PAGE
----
Gordon Peter’s hockey skates were in the Ross River rec centre when it burned to the ground Thursday morning.
“There was so much gear in there,” said the Oldtimer and hockey organizer.
“Some of the kids were crying.”
By 4 a.m., flames were leaping from the building, considered by many to be the heart of the community.
A back-up fire truck was dispatched from Faro.
Standing outside at minus 35, the community gathered to watch the building burn.
Everyone’s in shock, said Doreen Etzel, who works at the general store.
“It’s especially bad for the kids, they lost all that hockey equipment and now they have nowhere to go at night.”
Above the rink, there was a drop-in centre where Ross River’s youth played pool, video games, watched movies and just hung out.
Kyle Smith worked at the drop-in for the last 10 years.
Open from 3 to 10 p.m. weekdays, later on weekends, the rec centre was a second home for many of the community’s children.
Some nights the centre saw more than 30 youth using the facility.
“We had kids as young as six,” said Smith.
Others were in their mid-20s.
Three big-screen TVs, several Xbox 360s, a pool table, couches and the canteen were also lost in the fire.
Now, with nowhere to go, Smith is worried some kids might turn to less-healthy activities.
“It’s very disappointing – it’s a great loss,” he said.
“We also lost our workout room and the rink.”
In the last month, Peter had just finished outfitting the workout room with new training equipment.
“We bought weights, treadmills, everything – it was in the thousands,” he said.
“And now it’s all gone.”
And the arena – which was featured during Hockey Day in Canada – had just been renovated.
Ross River’s RCMP detachment put hours of work into the rink, replacing the boards, grading the sand before the ice was laid, and painting the lines on the frozen surface.
Const. Adam Lightfoot did most of the work, while other officers covered his shifts.
The RCMP also collected gear and outfitted the kids with skates, said Cpl. Tom Howell.
But the greatest loss is the youth centre, he said.
Still, Howell remains hopeful.
“In every sad case there is an opportunity,” he said.
“I am optimistic something new will come out of this and YTG will come through with funding (for a new rec centre and rink).
“In the meantime, we need to find something for the kids.”
It was a bittersweet day for Lightfoot. He was in Whitehorse with his wife, who’s having a baby, when he heard the news.
After all the work he put into the rink, Lightfoot’s efforts were rewarded as more and more of the community got involved in hockey.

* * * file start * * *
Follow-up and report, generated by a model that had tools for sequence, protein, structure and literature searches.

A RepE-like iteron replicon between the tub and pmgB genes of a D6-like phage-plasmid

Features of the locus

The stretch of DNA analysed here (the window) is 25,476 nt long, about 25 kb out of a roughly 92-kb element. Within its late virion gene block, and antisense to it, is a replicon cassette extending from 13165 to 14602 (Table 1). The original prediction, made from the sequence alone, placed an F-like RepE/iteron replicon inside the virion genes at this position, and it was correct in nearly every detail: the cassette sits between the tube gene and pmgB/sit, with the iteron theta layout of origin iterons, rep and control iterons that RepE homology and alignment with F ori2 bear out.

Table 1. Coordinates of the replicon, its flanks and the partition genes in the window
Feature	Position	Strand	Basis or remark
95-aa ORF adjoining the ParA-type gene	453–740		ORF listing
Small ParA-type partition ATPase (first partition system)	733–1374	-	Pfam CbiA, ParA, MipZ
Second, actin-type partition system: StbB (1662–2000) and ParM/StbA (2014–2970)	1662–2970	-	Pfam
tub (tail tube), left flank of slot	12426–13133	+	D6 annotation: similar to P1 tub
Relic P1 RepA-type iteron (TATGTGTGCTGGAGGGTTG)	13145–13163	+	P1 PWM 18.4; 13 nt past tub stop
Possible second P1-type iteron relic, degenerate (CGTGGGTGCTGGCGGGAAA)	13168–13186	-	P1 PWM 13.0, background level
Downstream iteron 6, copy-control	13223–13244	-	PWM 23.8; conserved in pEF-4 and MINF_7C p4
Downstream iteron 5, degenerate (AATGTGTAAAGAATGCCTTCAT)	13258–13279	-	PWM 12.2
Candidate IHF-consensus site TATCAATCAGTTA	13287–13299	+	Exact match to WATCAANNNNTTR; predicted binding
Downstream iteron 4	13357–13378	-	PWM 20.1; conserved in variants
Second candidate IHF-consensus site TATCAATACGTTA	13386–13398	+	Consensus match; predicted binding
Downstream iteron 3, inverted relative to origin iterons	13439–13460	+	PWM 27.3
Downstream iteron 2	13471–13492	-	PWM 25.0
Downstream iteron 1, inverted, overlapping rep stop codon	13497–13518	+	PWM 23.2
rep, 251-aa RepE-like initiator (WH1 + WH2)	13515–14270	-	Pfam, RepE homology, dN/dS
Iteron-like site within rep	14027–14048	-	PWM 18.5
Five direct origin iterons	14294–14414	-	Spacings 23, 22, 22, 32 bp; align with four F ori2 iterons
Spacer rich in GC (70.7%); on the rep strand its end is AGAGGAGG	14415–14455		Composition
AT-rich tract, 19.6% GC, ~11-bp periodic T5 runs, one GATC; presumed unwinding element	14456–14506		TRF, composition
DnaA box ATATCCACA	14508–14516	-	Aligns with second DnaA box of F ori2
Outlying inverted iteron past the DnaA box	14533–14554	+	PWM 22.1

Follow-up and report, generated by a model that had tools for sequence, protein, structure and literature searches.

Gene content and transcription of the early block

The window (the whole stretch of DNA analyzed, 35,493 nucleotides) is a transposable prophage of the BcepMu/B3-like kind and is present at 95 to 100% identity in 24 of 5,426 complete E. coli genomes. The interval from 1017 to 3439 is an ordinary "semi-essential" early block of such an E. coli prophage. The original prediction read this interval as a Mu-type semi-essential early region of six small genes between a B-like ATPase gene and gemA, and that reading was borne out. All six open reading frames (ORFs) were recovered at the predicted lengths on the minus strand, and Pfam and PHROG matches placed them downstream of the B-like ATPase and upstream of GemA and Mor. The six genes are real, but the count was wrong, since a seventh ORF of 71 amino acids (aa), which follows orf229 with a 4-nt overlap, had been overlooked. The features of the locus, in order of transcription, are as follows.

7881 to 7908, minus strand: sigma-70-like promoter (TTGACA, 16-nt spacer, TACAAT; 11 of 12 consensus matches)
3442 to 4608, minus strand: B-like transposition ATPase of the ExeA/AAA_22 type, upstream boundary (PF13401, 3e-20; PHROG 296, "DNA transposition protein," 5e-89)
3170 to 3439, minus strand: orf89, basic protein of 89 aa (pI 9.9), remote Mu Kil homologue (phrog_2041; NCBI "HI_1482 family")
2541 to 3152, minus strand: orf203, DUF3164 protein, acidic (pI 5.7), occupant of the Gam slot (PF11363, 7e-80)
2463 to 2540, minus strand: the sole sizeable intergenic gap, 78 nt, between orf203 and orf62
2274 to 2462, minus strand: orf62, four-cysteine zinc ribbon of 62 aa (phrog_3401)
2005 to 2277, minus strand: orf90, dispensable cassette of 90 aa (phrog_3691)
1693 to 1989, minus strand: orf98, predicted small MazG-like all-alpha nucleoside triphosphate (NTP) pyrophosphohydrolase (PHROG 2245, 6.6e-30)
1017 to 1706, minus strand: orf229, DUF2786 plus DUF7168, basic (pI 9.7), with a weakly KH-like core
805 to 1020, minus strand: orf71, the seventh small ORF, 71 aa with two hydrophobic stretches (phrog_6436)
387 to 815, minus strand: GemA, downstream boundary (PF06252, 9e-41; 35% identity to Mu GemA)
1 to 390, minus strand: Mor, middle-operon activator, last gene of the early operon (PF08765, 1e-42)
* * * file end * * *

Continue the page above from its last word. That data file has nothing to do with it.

“We had three teams signed up for the Native Hockey Tournament,” said Peter.
There was a youth team, a B-division team and an Oldtimers team, which Peter was on.
“And we had a growing fan base with more than 25 people coming out for games,” he said.
“It’s sad for them too.”
Some of the kids had just gotten new skates, added Peter.
“And those are expensive – $800.”
Peter’s skates cost $400 and were considered top-of-the-line when his wife bought them 10 years ago.
But it’s not the money that he’s sad about – it’s the memories.
“I had those skates a long time,” he said.
“They were comfortable.”
Now, with no gear, Peter is not sure if Ross River’s teams will be able to compete in the upcoming tournament.
“I’ve been to every tournament since they started in 1977,” he said.
Peter is hoping to round up some skates and shovel off a small lake outside town.
The community can also use Faro’s rink on Tuesdays and Thursdays, he said.
But without gear, there’s not much point.
Ron McLean is trying to help the youth, said Peter.
After the rec centre was featured on Hockey Day in Canada, McLean has a vested interest in the community’s fate.
And some people are already donating gear, he said.
The RCMP is investigating the fire, but does not suspect foul play, said Howell.
The aging facility, its recent renovations and the cold weather could all have played a role, he said.
Beyond that, it’s tough to determine what sparked the blaze, since the site has turned into one solid block of ice, he said.
The community will pull together, said Howell.
“No one is down and out yet and we hope the government will put in another rink – we need this.”
The RCMP is going to do all it can to help, he said.
“This is my community,” said Howell.
“And we are going to continue to work with the kids to make sure we do something.”
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